Charles Lee is the Founder & CEO at Ideation, an idea-making company that specializes in helping brands scale their businesses by effectively integrating their strategic plans into day-to-day implementation. Charles is regularly invited to speak to leading brands on topics such as fostering creativity, disruptive innovation, idea-making, and brand strategy. He is also the author of Good Idea. Now What?: How to Move Ideas to Execution, a practical book designed to help people move ideas to implementation.
KW: What do you think is the biggest challenge people face in making inspiration a reality?
CL: In the realm of ideas, there’s no shortage of passion, but passion without an actionable plan will eventually end up in the grave, sometimes literally. Far too many ideas experience premature death because they lack intentional strategy, a sustainable and scalable process, and a viable network. Idea execution requires an organized process.
Think about it. What great idea of yours still lies untouched in a half-written Google doc? Of all the good ideas that have come out of one of your staff or committee meetings, how many have any seen the light of the day? The biggest problem is that people think an idea is enough, or don’t have a process to work through from idea to execution.
KW: What is a misconception you often encounter when you work with people on their ideas?
CL: A new idea is often inspiring, life-giving and full of hope but idea-making requires a high level of intentional planning, strategy and hard work. Unfortunately, too many creative leaders have given themselves a false sense of permission not to organize, all in the name of artistry and creativity. But the reality is that most creative people who live out their dreams have actualized their passion through intentional planning and hard work. Creativity requires organization. As Thomas Edison famously quipped, “one percent inspiration and 99 percent perspiration.” A lack of organizational “gifting”
should never be an excuse for a lack of implementation. Bottom line: There are no magical shortcuts from idea to implementation.
KW: What are some things to consider when developing a creative process?
CL: Some key elements to think through include:
- Business Plan / A business plan is essential for any endeavor because it provides direction to any vision or passion. Even if you’re starting a ministry, you need a business plan to help determine if this idea is desirable, feasible, and viable.
- Sustainability / Does your plan have fiscal and human resource capacity? In other words, how will you fund or resource your endeavor? From where will you pull the fiscal and human capital? Does your church have concrete commitments from some to help support it? Will people actually invest in it and why?
- Scalability / How much growth potential is realistic in the next one to three years? Can you identify those growth indicators? Will you and your team (if you have one) sacrificially commit to the plan for the next three years to implement the concepts?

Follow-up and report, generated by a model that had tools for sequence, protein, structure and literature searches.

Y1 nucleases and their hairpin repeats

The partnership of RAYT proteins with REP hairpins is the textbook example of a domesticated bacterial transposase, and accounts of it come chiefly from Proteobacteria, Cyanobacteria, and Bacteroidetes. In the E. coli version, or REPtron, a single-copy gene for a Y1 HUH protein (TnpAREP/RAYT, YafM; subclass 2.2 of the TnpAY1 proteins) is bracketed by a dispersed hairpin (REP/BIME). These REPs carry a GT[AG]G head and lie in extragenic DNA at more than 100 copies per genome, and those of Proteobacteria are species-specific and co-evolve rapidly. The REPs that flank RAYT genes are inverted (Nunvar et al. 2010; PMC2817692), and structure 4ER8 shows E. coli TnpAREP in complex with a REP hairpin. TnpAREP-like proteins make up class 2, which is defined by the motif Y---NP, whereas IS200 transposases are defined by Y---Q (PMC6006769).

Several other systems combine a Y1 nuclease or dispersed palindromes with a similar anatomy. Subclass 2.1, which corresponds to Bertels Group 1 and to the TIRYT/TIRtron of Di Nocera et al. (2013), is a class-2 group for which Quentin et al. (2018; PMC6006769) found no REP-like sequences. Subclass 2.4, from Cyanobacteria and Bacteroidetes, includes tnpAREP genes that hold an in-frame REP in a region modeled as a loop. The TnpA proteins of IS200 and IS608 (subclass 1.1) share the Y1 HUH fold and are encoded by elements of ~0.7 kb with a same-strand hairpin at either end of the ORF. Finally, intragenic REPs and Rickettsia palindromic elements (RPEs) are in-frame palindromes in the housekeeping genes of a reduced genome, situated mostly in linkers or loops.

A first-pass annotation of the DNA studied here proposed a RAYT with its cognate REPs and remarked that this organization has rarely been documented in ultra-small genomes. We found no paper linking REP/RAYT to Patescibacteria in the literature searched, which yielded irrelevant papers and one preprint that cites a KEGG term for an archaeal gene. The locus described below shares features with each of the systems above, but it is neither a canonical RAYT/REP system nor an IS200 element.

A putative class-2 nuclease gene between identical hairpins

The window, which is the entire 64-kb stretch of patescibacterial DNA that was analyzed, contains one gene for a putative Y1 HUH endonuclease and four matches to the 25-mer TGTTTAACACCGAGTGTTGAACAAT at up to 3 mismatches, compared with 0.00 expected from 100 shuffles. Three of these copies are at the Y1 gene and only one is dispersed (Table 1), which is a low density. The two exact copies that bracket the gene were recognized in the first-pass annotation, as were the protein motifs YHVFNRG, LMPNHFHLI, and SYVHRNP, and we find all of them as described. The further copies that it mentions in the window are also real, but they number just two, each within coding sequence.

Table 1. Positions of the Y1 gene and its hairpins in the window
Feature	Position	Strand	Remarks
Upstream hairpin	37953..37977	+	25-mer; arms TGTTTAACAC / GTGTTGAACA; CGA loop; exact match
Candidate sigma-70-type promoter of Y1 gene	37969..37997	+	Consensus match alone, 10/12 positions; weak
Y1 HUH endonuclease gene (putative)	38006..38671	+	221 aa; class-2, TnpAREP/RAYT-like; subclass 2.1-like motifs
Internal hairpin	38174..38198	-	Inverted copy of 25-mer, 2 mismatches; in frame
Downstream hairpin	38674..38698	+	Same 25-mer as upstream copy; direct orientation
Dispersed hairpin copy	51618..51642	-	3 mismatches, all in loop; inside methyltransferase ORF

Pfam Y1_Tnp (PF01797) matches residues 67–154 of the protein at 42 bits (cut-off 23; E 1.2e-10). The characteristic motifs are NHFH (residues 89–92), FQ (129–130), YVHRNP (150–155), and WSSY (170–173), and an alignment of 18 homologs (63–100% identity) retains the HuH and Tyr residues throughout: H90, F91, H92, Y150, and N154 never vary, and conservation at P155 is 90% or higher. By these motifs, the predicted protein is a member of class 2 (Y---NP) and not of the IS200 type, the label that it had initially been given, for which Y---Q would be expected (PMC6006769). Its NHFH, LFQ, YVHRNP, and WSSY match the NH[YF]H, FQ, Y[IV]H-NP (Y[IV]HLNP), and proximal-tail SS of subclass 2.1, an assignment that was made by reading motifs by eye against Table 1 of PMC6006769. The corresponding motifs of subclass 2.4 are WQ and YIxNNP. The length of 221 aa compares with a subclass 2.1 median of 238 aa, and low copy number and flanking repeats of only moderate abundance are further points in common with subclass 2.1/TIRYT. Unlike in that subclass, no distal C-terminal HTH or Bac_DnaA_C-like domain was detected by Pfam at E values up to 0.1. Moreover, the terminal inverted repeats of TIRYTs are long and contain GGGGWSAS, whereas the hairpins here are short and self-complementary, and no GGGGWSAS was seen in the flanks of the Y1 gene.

- Simplicity and Uniqueness / Is your message simple enough to grasp and communicate to potential partners and supporters? Will people get the unique message of your passion, or will you drown as white noise? How will you make it accessible enough that people can easily get involved. Remember, it’s not difficult to get your message out there, but it’s incredibly difficult to get people to care.
- Longevity / Thinking long-term also provides a broader perspective of what it is you hope to develop, which can minimize unnecessary, short-term frustrations.
- Investment / Too many idea makers get sidetracked by “costs.” Instead, think of your costs as investments. It’s unrealistic to eliminate money from the equation. Get advice on how to maximize a limited budget.
KW: What role does collaboration play in the process?
CL: Executing ideas well often requires us to collaborate with others. As romantic as it sounds, however, it takes a whole lot of intentional, proactive effort to do it well. it doesn’t just happen, it’s not always intuitive. The beauty of collaboration is that it allows us to focus time and energy on our strengths while learning more upon the specialty of others in their respective fields of expertise. Develop collaborative practices that document, refine, and keep the idea moving forward.
KW: What encouragement can you give to people starting out on this journey or struggling in the middle?
CL: Please keep in mind that the idea you start with will rarely be the idea you end up producing. In other words, agile iteration will continue to be a reality in any idea-maker’s life. It’s going to take work to really uncover what your real idea is under all of the distractions and hype. Remember, dream big, start small, and keep moving.
KW: What do you hope readers will take away from this book?
CL: If you’ve got a good idea but know you don’t have a strategic process, I hope this book helps you develop a practical skill set. Or, if you’re a more experienced idea maker, I hope this book will be a good resource for sparking meaningful conversations about your approach to idea-making and how you might make it even better.